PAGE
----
Outlast Mold Buster: Additive to control Mold, Mildew and Algae growths. Add to oil, latex, water based and solvent bourne Paints and Coatings, Pre-measured dose for 5 gallons of paint or stain, Low odor - Low VOC

Would you like a little guidance from the experts? Fill out the form at the bottom of the page to schedule an appointment with our maintenance coordinator to discuss your log home! Whether you have specific questions you want answers on or if you want someone to walk you through the whole process and give your some tips, our maintenance coordinator is here to help!

The Maintenance Process

Your process should start with the inspection we talked about above. This will ensure you know what's going on with your log home and what needs to be done. First you're going to need to determine if lightly power washing your logs will be sufficient or if they will need to be media blasted down to bare wood. There are some factors Time since past maintenance, environmental conditions, and previous products used should be taken into consideration. The more time has passed since the last coat of stain the more likely it is that you will need to have some of the wood media blasted off so there is sound wood for the new stain to soak into.

1. Power washing / media blasting

If you’re keeping up with regular maintenance, an annual light power washing to clean the surface will do just fine. You may want to use a log cleaner such as Sashco’s CPR. We recommend utilizing a pump sprayer to soak the logs with CPR before power washing it off. Doing this will help remove the surface contaminants that cause the stain to break down and wear away prematurely.

If the logs have been neglected for a while then, you may need to have them media blasted to remove the old stain and damaged wood fibers. Unlike power washing, which you could do yourself, you should leave media blasting to be done by professionals. We will warn you, media blasting is expensive. Just another reason that you should stay up to date on your maintenance.

2. Secondary prep

Secondary prep is done to take off wood fuzz that would diminish the stains ability to adequetly cover and soak into the wood.

Very light power washing to just clean off the logs won’t require much, if any secondary prep. However, a more aggressive power washing will require secondary prep, similar to the amount needed with media blasting. This is because an aggressive power washing will create wood fuzz or felting. A great option for secondary prep is an Osborn brush which you’ll attach to a variable speed grinder. Another option is to use the backer pad, grabber pad, buffy pad system. Both of these will get your logs ready to take on stain and make sure that your stain lasts as long as it can.

3 a. Conditions

The stains we recommend should be applied to dry wood, you can use a moisture meter from a paint store. For most areas it should be below 19%. If it has just rained it will require at least a full day if not 2 days of no rain to dry. The wood that you’re applying stain to should have a temperature between 50 and 90 degrees, that’s right the temperature of the wood, not air. If you have done the proper prep and you meet these conditions, it’s time for stain! Keep an eye on the weather forecast as well, you don't want rain in the forecast 2 days after staining.

3 b. Staining

To stain you’re going to want to work in sections (see image below). By working in sections it will help you achieve a more even stain color as it is easier to back brush before the stain starts to dry. Back brushing is important as this will push the stain into wood and help it soak it up. If you're spraying the stain on with a pump sprayer or airless sprayer, apply it until it is just starting to run. Then vigorously back brush over what you just sprayed on. Repeat this going section by section and you'll have some great results. Quick tip! Pay attention to the stain, if it's a hot day it will cause the stain to dry faster. If the stain is getting tacky before you can back brush it, try working in smaller sections. Apply a little more so you're able to back brush the tacky stain.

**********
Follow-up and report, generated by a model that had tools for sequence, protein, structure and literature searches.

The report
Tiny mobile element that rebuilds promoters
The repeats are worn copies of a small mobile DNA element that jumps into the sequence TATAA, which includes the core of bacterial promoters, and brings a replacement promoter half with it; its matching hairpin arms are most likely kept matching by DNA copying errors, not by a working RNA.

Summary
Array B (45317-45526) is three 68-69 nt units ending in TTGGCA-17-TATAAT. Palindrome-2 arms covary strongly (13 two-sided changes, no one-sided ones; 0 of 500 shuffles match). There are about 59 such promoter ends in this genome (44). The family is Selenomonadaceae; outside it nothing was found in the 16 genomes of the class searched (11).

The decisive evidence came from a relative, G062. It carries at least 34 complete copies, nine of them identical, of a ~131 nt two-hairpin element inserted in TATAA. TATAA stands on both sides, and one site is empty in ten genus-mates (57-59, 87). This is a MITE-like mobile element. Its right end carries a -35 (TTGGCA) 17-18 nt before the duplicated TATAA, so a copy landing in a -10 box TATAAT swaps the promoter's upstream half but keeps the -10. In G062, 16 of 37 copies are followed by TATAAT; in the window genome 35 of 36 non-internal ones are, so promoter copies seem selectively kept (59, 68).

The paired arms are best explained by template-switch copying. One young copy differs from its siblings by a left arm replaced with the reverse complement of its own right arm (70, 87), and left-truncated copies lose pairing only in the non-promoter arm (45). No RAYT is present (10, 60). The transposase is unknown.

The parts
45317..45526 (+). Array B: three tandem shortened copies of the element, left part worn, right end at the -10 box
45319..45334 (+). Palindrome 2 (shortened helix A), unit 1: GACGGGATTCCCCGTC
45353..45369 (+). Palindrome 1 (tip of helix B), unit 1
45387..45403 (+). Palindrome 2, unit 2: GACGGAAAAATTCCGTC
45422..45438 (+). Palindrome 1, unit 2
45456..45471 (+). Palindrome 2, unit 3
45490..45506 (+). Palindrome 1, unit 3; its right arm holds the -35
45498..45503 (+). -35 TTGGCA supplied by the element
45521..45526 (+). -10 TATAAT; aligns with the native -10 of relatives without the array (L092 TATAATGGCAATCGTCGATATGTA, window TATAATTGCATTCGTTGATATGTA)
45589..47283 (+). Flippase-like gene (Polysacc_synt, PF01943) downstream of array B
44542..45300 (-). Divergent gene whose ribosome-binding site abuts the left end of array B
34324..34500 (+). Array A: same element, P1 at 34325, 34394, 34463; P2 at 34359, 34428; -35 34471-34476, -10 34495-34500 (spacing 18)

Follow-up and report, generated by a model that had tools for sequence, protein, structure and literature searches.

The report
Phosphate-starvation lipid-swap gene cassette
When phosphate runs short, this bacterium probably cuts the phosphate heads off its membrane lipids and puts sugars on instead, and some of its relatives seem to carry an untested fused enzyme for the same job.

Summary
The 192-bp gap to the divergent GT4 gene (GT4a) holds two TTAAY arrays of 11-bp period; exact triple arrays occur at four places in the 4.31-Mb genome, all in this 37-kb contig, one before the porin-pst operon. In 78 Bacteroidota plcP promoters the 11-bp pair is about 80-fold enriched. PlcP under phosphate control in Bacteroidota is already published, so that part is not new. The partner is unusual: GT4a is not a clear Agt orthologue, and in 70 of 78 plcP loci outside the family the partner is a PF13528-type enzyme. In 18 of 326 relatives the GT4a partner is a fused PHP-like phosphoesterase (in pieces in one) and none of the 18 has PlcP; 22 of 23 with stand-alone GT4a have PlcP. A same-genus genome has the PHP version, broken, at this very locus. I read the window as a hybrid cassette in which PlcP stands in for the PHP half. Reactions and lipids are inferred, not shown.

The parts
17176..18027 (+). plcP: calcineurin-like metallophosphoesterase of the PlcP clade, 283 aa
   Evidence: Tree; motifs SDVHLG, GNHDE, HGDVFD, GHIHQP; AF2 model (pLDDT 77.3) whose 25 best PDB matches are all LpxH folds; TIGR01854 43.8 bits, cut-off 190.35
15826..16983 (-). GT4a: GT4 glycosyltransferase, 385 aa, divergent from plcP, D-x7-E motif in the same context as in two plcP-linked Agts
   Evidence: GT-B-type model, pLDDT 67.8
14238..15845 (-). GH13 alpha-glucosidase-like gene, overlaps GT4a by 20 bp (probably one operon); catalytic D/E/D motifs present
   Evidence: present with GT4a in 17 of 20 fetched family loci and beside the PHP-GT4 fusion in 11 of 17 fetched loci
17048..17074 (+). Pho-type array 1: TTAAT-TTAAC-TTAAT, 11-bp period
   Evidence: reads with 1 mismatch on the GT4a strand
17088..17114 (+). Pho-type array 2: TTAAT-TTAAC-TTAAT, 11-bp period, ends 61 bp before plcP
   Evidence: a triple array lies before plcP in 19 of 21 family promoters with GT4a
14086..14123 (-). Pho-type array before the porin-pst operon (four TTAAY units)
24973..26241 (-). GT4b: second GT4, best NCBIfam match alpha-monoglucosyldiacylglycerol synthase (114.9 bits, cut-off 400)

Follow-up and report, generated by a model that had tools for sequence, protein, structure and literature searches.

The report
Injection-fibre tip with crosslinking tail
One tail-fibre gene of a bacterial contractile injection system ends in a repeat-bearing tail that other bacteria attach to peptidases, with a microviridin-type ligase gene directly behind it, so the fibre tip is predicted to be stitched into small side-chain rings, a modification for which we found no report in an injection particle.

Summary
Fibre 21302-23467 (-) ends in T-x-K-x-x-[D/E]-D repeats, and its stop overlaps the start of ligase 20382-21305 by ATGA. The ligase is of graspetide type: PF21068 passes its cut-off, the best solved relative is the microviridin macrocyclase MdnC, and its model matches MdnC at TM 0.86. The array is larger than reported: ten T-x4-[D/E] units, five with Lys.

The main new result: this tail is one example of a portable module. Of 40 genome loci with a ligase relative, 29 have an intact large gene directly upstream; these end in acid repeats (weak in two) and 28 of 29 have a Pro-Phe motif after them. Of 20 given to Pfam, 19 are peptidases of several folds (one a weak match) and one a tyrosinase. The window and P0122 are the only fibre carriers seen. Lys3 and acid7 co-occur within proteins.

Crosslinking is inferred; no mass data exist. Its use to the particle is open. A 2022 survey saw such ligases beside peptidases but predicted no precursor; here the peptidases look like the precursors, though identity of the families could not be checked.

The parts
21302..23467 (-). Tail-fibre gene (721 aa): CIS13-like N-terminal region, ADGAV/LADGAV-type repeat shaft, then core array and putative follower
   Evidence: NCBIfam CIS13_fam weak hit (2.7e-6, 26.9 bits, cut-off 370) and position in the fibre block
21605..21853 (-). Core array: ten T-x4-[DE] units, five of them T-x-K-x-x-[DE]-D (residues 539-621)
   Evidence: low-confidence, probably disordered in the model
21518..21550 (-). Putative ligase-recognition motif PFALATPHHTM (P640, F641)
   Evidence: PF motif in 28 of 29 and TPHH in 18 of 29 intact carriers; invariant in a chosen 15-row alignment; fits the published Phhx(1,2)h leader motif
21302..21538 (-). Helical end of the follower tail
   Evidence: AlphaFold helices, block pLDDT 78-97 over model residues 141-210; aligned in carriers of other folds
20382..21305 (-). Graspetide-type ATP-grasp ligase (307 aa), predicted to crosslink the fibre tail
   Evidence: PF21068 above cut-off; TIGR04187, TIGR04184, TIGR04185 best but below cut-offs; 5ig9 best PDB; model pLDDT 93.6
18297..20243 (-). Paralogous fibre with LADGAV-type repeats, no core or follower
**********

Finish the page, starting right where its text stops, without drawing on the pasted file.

If you're not spraying it and just brushing, apply it liberally so it is starting to drip and then continuously brush it in until it no longer is dripping. Let this first coat completely dry before applying the second coat. For the second coat, go on lighter so that it does not run.

Stain Log Home In Sections

4. Caulking / Chinking

This is an important part of maintaining your log home as it will seal air leaks and keep rain out of your home. Proper caulking or chinking will help prevent water from getting between the logs which overtime will cause them to rot, not something you want to deal with! We have a few options for caulk and chinking. First, we have Conceal, which is a lightly textured caulk. It is available in 7 colors to match some of the most popular log stain colors. Next, we have Log Builder, which is a great option for sealing up your log home. It is designed to move with your logs due to shrinking, swelling, or settling. The last option we have is Log Jam Chinking. This is a great product for wider joints and features a texture that mimics old-time mortar. However, the material has great elasticity to handle joint movements without tearing or peeling.

5. Enjoy your hard work!

Once you've accomplished all of these things, kick back and enjoy! You've earned it with all of the hard work you put into your log home. You can rest easy knowing your hard work will keep your log home in excellent condition so that it will last a long time time.

If you would rather have someone handle all of this for you and you're in the West Michigan area, Homestead Timbers would be happy to help! If you're located outside of our service area we may be able to refer you to a reputable company we've worked with in the past.

Want to schedule a consulation with our maintenance coordinator? Fill out and submit the form below!